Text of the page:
On Sunday, we went hiking for about nine miles on the Twin Tunnels Trail. It was a good hike with many beautiful things to look at as you walked. It was a pretty easy walk because there wasn’t much elevation gain (although if I was on a bike I’d’ve died, it was slow and steady gain).
Formerly, the trail was the historic Columbia River Highway. The new highway is below this (Hwy 84). This section had been shut down to cars and people for years. The tunnels had been filled, and it was unused. Just recently, the tunnels were cleared and it has been restored to be a place for biking and hiking.
According to Portland Hikers, these windows in the tunnel are called adits. They also close and lock the tunnels at night to protect them from graffiti. Well, and also to protect the graffiti from graffiti:
In the 1920s, some teenagers got trapped in the tunnel during a freak snowstorm for eight days. One of the ways they passed the time is carving their names into the side of the tunnel (and after a few days, it had to be so that they’d be identified too). Very cool to see. There’s more of it, but it was really hard to read after nearly a hundred years so I didn’t try to take a picture of it. It was pretty hard to notice at first, even for me and I was looking for it! I told several bikers who pulled over to enjoy the coolness of the tunnel to go back and look at it.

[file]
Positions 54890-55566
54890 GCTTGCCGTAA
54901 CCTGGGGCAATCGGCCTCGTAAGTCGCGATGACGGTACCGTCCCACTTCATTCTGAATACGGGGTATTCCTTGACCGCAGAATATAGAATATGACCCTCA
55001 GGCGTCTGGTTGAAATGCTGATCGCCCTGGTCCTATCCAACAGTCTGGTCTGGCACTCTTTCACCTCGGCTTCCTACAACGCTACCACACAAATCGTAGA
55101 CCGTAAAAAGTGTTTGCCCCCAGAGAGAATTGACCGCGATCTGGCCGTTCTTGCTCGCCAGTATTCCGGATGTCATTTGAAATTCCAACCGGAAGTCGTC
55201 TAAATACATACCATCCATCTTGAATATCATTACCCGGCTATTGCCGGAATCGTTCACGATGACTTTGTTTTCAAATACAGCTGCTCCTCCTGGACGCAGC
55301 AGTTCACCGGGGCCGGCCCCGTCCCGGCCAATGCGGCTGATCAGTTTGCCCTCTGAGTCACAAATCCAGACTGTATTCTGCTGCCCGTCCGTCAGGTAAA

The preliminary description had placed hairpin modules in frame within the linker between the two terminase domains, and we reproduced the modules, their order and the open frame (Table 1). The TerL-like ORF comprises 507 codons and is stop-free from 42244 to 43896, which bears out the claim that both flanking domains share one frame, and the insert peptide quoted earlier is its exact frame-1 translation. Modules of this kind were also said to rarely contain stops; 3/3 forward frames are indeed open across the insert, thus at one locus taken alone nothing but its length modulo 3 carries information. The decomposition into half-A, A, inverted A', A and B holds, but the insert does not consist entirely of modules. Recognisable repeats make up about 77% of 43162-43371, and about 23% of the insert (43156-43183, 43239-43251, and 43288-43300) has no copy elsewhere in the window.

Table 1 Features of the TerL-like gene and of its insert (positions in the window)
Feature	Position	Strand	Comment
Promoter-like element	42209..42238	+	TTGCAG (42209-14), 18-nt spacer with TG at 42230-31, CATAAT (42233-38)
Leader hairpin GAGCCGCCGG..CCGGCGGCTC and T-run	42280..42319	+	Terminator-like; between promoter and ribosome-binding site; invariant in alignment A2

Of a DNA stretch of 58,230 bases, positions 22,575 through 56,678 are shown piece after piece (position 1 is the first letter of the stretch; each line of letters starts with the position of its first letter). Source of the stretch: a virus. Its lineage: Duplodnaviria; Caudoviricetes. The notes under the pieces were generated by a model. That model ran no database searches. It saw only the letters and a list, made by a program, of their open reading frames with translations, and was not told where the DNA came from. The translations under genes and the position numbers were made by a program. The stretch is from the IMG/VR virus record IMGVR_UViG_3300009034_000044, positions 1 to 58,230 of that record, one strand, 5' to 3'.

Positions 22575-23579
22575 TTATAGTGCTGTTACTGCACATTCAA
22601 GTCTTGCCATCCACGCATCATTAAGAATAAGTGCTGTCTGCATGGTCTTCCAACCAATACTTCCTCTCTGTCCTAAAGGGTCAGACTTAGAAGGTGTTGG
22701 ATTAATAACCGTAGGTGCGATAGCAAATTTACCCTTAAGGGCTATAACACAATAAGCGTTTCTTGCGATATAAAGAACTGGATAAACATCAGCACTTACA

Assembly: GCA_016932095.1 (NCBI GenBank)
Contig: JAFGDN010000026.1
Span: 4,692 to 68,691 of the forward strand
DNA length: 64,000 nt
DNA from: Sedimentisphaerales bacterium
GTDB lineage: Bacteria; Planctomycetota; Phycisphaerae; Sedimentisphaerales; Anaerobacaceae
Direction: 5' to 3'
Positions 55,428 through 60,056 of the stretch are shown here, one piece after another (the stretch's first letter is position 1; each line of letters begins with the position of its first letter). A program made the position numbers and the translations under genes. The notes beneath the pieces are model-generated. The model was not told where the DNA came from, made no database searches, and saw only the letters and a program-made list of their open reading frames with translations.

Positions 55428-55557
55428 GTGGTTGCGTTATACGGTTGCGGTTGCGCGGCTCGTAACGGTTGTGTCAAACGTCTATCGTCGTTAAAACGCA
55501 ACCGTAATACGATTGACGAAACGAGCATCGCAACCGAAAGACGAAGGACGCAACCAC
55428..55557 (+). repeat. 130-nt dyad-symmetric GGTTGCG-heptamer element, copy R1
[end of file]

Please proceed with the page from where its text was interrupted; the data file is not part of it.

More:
Having driven on both the new and old highway, it felt odd for a bit to walk on it without fear of being run over by a car, but the views were incredible, and I want to do it again (maybe in the fall when it’s slightly cooler).
Oh and for wildlife, we saw a doe along the trail and the doe and I watched each other for five minutes or so (I gave in and wanted to hike on).
On the drive to the trail, right along the Columbia River, a bald eagle swooped over Brian’s car holding a squirming fish in its talons. It was so surreal to see that in person – I think we both started laughing just because it was so exactly what you’d see in a movie or a commercial, not in real life.
As you can probably tell, I am finally happy. It is so good to be home, and you can tell – I am smiling, my skin color is better, I’m getting back into shape. How could you not be happy when you live in a place as amazing as Oregon?